Posted by: mdegeorge | April 11, 2011

Even at most disastrous hour, McIlroy shows stuff of a champion

Countless words have been devoted over the last 48 hours to recounting every last moment of Rory McIlroy’s Sunday collapse at the Masters. His words have been parsed to extract the most meaning possible from the 21-year-old. The site of his epically wayward tee shot on the 10th hole to start one of the most disastrous back nines in history was probed as if it was the location of a brutal murder. The comparisons for the young Irishman went just short of invoking the name of Jean Van de Velde at the 18th at Carnoustie.

Courtesy of Creative Commons.

Hyperbole was hardly necessary for a third-round leader at the Masters carding an 80 on the final day, the worst round ever for a 54-hole leader in the tournament’s 75-year history (not to mention costing himself about $1.2 million in prize money). He went out one-over-par, still firmly in the lead before, as McIlroy said after, he “just unraveled”. A triple-bogey on 10, the toughest hole on the course which he navigated safely the previous three days, starting with a tee shot so off-target as to almost redefine the term. It was his putter’s turn to desert him as he three-putted for bogey on 11 . The stick remained AWOL on 12, this time taking four putts before holing out a double-bogey. As the Los Angeles TimesBill Plaschke put it in his column that read like an obituary, he had “consign[ed] himself to hell while still in Amen Corner.”

The fact that the others playing just ahead of his disintegrating round made a late run on bogeys to push the final scores into the low teens had no bearing on McIlroy, whose ship had sailed and sunk long before Charl Schwartzel played the back nine as if his ball and each cup had opposite magnets in them.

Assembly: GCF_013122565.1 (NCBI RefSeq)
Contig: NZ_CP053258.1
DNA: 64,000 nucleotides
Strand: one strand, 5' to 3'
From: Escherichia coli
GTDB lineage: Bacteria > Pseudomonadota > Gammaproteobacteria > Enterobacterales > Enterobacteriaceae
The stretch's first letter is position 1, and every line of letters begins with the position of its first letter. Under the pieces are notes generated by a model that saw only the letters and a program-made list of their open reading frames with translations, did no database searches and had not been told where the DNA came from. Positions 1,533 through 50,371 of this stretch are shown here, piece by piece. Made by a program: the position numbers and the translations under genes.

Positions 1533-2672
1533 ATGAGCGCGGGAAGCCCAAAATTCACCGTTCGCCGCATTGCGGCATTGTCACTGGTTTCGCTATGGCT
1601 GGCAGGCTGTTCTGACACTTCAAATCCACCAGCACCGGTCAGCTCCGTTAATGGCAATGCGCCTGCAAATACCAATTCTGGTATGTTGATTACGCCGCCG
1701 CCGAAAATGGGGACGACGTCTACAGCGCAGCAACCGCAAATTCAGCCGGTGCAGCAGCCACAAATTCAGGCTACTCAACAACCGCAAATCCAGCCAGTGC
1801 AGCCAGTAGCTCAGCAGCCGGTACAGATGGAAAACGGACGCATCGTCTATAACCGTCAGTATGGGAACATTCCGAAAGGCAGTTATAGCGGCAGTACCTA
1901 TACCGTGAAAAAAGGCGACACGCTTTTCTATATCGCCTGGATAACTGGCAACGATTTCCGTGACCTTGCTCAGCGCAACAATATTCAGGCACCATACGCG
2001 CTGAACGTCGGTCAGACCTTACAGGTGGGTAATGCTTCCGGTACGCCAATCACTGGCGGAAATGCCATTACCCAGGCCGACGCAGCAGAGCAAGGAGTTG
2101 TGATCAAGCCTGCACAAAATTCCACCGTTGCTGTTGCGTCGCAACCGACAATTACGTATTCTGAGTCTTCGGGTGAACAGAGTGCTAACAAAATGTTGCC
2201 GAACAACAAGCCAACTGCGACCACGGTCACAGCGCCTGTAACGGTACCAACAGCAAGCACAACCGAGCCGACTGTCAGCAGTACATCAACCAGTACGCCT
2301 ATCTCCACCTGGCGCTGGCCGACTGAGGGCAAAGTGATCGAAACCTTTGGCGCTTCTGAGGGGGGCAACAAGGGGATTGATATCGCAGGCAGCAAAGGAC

Yet while moral victories are difficult to come by on a Sunday in a major, many miss the point in McIlroy’s day. Yes it was an epic collapse. Yes it was a day on the course that would leave any among us, publicly or privately, inquiring to the gods as to just what curse we had brought on our golf bags. Yes it was a day that would leave most reeling, never to recover.

But Rory McIlroy didn’t act like most of us. The examples are almost too numerous to point out, but a few if I could.

– On the 18th green, as McIroy slumped over the umpteenth putt to go awry on the worst day of his professional career, there was an odd calm to the youngster, one of someone who’d seen many more rounds of golf than the curly-haired almost-teen had. Once his second putt fell for a consolation par, he removed his ball from the cup, shed his hat to recognize the cheers of the crowd and did perhaps the most outlandish thing imaginable: he smiled. He grinned sheepishly as two-time major champion and the playing partner with the front-row seat to his meltdown, the gray-haired Angel Cabrera, offered him words of solace. As we walked off the course chatting with his caddy, he had the temerity, the audacity, to let out a laugh.